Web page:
Moving Tips for Senior Citizens
Moving is one of the top reasons for stress in adults. For seniors who have been rooted in one place for a long time, it is twice as stressful. Moving homes means relocating to a new locality, in a new neighbourhood with new neighbours, all of which spells unfamiliarity and anxiety. The stress comes from emotional displacement as much as physical. It can be overwhelming even after the move. The older one gets, the harder it gets to adapt.
If you have a senior member in your family moving with or without you to a new home, it is important to do everything possible to make the transition less stressful. Here’s a quick checklist to help you help them.
There are memories attached to every single item in their possession that is hard to dispose of. Yet downsizing is imperative while moving to a new space. In all probability, the reason for the move is to let go of a spacious home that they find hard to manage on their own and move to a smaller one where they can be looked after better. It’s hard to fit everything in a smaller space. However, there’s comfort in holding on to a few familiar items. Help them sort through their possessions, consult them before disposing of items and help them pick the most memorable, easy to store ones to ease their anxiety.
Moving is a challenging process that can overwhelm anyone of any age. Let them know that you are there for them, even after they have settled down. Contact a professional moving company to make it easier, faster and better. Book them at once so they are available on the day you choose. It’s not always easy to find moving companies in the summer months. Don’t wait for the last moment to do so.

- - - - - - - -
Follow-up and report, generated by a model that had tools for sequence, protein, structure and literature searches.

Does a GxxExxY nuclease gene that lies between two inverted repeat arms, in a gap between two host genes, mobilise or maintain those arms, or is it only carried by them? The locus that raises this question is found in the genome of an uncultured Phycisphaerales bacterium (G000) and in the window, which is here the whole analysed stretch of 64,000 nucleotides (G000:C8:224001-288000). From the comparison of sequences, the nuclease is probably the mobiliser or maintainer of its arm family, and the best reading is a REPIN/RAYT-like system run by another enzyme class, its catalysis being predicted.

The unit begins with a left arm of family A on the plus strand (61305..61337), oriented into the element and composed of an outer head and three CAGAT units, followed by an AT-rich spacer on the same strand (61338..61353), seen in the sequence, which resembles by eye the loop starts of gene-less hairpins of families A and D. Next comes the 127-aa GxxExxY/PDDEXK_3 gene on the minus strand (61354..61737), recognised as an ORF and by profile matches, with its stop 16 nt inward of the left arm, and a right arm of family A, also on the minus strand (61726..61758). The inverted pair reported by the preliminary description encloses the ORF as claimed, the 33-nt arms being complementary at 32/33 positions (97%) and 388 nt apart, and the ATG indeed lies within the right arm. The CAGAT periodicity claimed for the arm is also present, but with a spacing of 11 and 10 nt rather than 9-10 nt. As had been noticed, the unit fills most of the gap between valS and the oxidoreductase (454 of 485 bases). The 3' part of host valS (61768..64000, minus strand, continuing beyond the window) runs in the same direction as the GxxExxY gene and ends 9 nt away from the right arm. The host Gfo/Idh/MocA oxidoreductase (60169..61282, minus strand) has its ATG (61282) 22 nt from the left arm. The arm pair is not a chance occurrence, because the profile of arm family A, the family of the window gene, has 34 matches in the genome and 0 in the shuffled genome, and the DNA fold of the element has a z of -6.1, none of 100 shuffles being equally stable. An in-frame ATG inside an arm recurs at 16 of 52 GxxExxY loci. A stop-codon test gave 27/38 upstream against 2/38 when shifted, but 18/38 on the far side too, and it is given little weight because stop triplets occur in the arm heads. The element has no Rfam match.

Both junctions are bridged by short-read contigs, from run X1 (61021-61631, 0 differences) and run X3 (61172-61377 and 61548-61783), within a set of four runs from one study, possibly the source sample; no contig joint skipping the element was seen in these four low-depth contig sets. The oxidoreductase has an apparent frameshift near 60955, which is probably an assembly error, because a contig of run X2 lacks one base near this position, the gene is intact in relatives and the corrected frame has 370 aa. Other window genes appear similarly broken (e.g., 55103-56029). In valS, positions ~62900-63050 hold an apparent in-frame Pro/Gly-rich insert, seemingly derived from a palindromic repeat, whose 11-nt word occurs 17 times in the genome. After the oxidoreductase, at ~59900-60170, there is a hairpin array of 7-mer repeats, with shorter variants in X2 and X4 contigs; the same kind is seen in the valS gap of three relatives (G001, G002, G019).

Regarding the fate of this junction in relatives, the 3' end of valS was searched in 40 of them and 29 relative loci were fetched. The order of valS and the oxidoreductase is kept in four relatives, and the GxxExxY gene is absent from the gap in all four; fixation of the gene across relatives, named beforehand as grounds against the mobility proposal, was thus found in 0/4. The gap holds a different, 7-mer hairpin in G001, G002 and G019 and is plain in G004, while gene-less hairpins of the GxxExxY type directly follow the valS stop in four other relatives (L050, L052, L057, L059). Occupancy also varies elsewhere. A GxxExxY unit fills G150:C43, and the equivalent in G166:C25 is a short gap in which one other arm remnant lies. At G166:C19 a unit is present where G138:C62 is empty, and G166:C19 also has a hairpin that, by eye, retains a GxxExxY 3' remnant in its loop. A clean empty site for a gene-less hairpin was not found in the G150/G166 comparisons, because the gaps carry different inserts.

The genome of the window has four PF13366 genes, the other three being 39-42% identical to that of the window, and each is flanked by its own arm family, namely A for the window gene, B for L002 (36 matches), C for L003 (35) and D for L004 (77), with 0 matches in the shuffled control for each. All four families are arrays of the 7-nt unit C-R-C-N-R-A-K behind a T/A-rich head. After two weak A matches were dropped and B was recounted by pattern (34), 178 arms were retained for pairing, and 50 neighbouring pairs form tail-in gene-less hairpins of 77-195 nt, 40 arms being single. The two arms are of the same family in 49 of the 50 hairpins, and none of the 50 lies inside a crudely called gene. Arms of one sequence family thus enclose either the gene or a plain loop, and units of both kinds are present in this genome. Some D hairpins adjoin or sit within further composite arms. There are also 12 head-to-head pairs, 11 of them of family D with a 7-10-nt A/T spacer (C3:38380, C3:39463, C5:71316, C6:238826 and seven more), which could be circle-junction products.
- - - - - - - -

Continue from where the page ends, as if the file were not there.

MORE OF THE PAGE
Visit The New Home
Before you plan logistics, try to visit the new home so you can help them find their way around. In all probability, the new home will be a single-family home or a retirement community. Getting a feel of the neighbourhood will also help you dispose, or buy new items aligned to the needs of the place. It will help you guide your loved one to neighbourhood shops and grocery stores after you’ve moved in.
Measure the floor plan of the new home to determine the furniture needed. It’s easier to sell furniture and buy new pieces that fit in the new space than clutter it up with oversized items. Donate or sell all unwanted wares, including clothes and kitchen utensils.
Pack Medication and Redirect mail
Closer to the day of the move, pack up their medication, label them and keep it with them so they are able to medicate themselves or seek help from a caretaker in your absence. Create an inventory of items to be moved; label all boxes, including medical records, ID documents, bank papers and health card. Plan all this at least a week in advance.
Take time off work to be around for them on moving day. Take one room at a time, then move to the next. Arrange payments, update the local post office about the address change in the old and new location, inform service providers, banks and billers.
Do up the New Home
Purchase new items for the new home. Do it up. Remember to keep it uncluttered to allow freedom of movement and easy accessibility. Contact a cleaning service to clean up the old home after it’s been emptied out and clean the new one before your beloved senior member moves in. Hand over the keys to the new owners, if applicable. Check the mailbox and closets before you lock up the old home.
It’s better to seek the help of the movers to unpack and put items in place. Make your payment to the movers, review the condition of the new home, check the utility services – water, electricity, wi-fi. Introduce yourself to the next-door neighbour so your senior member feels less anxious.
If moving a senior is on the horizon, give us a call. Econo Moving and Storage Co. lightens the load for you. Our professionals look into every aspect of your move and take the stress away for both you and your beloved senior family member.